Left by the Side of the Road: Characters without a Novel

ABOUT Carolyn Schriber

Carolyn Schriber
I am a retired college professor who specialized in medieval European history  After many years of writing academic monographs, I am now indulging my love of the Civil War by writing historical fiction. But along the way, I've also learned a great deal about today's publishing atmosphere. More...



"Left by the Side of the Road" is a collection of short stories about life in South Carolina's Low Country during the Civil War. It is not a continuous novel, or even a novella, although I have tried to maintain some chronological order among the stories. There is no single plot or story line. The collection is simply that--a series of glimpses into the past.

I'm publishing a second edition, which contains 13 more selections, and will be available in both trade paper and electronic formats.  Pre-orders for B&N, Apple iBooks, and Kobo should be open by mid-September.  Official release date is October 15.

The characters are real historical figures: slaves who were abandoned when the plantation owners fled in fear of the invading Union Army; government officials charged with the logistics of organizing captured territory; Army officers and the women who accompanied them; and abolitionists determined to prove that former slaves could become productive citizens.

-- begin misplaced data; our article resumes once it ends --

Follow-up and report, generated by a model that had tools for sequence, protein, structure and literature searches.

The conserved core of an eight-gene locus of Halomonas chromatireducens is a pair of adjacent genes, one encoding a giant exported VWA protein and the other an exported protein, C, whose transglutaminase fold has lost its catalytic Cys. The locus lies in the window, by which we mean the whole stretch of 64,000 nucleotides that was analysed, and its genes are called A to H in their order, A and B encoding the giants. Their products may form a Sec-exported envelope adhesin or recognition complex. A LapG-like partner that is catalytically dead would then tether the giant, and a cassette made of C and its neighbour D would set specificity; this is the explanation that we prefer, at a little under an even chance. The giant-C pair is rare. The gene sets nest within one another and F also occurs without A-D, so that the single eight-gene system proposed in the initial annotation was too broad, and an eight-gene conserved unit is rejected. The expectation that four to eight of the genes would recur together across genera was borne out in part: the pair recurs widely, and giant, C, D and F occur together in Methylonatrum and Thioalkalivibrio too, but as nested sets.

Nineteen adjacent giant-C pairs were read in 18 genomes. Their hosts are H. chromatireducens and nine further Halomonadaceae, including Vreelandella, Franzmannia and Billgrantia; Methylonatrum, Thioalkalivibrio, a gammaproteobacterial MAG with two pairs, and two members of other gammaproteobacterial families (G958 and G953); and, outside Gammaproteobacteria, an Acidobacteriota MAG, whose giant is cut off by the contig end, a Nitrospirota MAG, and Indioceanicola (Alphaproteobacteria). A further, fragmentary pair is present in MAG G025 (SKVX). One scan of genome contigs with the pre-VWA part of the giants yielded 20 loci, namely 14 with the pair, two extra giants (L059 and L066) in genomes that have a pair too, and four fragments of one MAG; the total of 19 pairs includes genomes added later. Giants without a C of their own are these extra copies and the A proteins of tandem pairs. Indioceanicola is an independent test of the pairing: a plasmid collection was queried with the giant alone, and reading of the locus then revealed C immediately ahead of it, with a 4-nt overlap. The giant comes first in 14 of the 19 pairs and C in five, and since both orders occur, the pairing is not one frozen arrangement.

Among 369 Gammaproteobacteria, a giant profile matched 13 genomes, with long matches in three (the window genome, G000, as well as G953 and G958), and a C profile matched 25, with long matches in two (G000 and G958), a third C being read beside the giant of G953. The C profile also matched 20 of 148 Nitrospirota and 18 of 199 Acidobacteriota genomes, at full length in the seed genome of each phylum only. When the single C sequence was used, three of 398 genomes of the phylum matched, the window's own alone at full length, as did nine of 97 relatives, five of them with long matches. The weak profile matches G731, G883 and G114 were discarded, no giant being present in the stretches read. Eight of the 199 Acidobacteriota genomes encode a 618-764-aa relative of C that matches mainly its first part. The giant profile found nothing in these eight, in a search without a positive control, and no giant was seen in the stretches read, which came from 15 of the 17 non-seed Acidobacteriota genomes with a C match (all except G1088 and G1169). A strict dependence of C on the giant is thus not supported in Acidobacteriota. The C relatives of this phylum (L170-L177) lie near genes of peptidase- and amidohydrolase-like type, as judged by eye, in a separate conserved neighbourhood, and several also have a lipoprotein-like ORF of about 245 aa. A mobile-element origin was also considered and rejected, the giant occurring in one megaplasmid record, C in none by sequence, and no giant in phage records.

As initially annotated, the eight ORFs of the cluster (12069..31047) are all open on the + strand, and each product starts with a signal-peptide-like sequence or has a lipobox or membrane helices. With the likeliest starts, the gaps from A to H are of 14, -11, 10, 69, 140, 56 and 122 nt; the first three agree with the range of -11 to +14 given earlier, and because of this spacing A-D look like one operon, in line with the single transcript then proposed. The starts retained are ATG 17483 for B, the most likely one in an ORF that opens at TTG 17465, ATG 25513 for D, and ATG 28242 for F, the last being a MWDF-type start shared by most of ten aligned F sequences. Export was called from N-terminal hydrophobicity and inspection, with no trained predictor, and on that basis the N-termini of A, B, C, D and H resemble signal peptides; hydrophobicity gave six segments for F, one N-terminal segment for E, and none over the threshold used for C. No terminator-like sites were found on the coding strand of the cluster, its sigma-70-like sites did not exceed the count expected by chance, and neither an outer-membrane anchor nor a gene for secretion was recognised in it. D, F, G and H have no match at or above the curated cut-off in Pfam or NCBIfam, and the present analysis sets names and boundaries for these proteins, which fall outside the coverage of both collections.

Some of these people have appeared in my past books, "A Scratch with the Rebels" and "Beyond All Price." Others will make cameo appearances in my upcoming book, "The Road to Frogmore." All of them are here because they share certain characteristics.  They are fascinating people in their own right, but they do not play a major role in the story of Laura Towne and the founding of a school for former slaves at Frogmore. They are characters who were literally "left by the side of the road" as Laura's story developed.

All of these interesting people may some day become main characters in novels of their own. But for now, they serve two purposes. Through their observations and experiences they shed additional light on what life was really like during the Civil War. And more important, they form bridges between the stories I have already told and those that are yet to come.